John Updike's "A & P" and T. Coraghessan Boyle's "Greasy Lake" have many similarities as well as differences as coming-of-age stories. "A & P" is about a nineteen-year-old boy working at a grocery shop who stands up against the manager trying to defend and impress the girls he is attracted to who are not "decently dressed" (Updike 18). "Greasy Lake" is a story of several nineteen years old youths who play a prank on a bad character and experience what real bad characters can do.
Fortunately, Sammy and the narrator realize their deficiency infantility after their conflict with other people just like the ancient Greek proverb says, "Through suffering comes wisdom" (qtd. in Vannatta 1637). In Sammy's case, "enraged that Lengel has
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6). Furthermore, Sammy's immaturity is represented by his colloquial language "brashness of his colloquialism" (Greiner 398). For instance, the name, "Queenie" (Updike 17), for the girl Sammy likes, is given from her noble, distinctive movement: "She [Queenie] just walked straight on slowly . . . She came down a little hard on her heels, as if she didn't walk in her bare feet that much, putting down her heels . . . as if she was testing the floor with every step . . ." (Updike 16). Similarly, Boyle also developed the characteristics of the protagonist, the narrator, through the protagonist's observations. When the three boys get into fight with the "bad greasy character" (Boyle 146), Bobby, Digby foolishly believes that he can beat Bobby with his kung-fu moves which he learned in martial arts courses. However, the sad part is that "he [Bobby]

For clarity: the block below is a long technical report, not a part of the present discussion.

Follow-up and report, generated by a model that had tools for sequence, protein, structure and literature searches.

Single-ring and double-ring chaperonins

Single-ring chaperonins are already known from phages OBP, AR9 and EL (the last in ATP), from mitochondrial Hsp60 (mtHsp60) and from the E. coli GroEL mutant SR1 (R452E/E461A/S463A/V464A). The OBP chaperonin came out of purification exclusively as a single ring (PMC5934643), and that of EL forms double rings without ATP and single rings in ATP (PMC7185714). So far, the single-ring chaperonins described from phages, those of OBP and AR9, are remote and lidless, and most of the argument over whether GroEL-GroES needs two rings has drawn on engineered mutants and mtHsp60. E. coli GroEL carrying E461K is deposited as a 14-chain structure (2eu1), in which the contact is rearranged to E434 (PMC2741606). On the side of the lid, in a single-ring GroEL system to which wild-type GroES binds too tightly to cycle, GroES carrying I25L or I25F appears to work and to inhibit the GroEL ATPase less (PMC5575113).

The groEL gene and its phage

laid Digby out with a single whistling roundhouse blow" (Boyle 146).
Although both stories are told in first person, unlike the single point of view in "A & P", Boyle, in "Greasy Lake", uses "dual point of view an older, mature narrator looking back at his foolish younger self . . ." (Vannatta 1637). As a result, there are many contrasts between the protagonist's childish image and the mature self. In Greasy, the editor gives an example: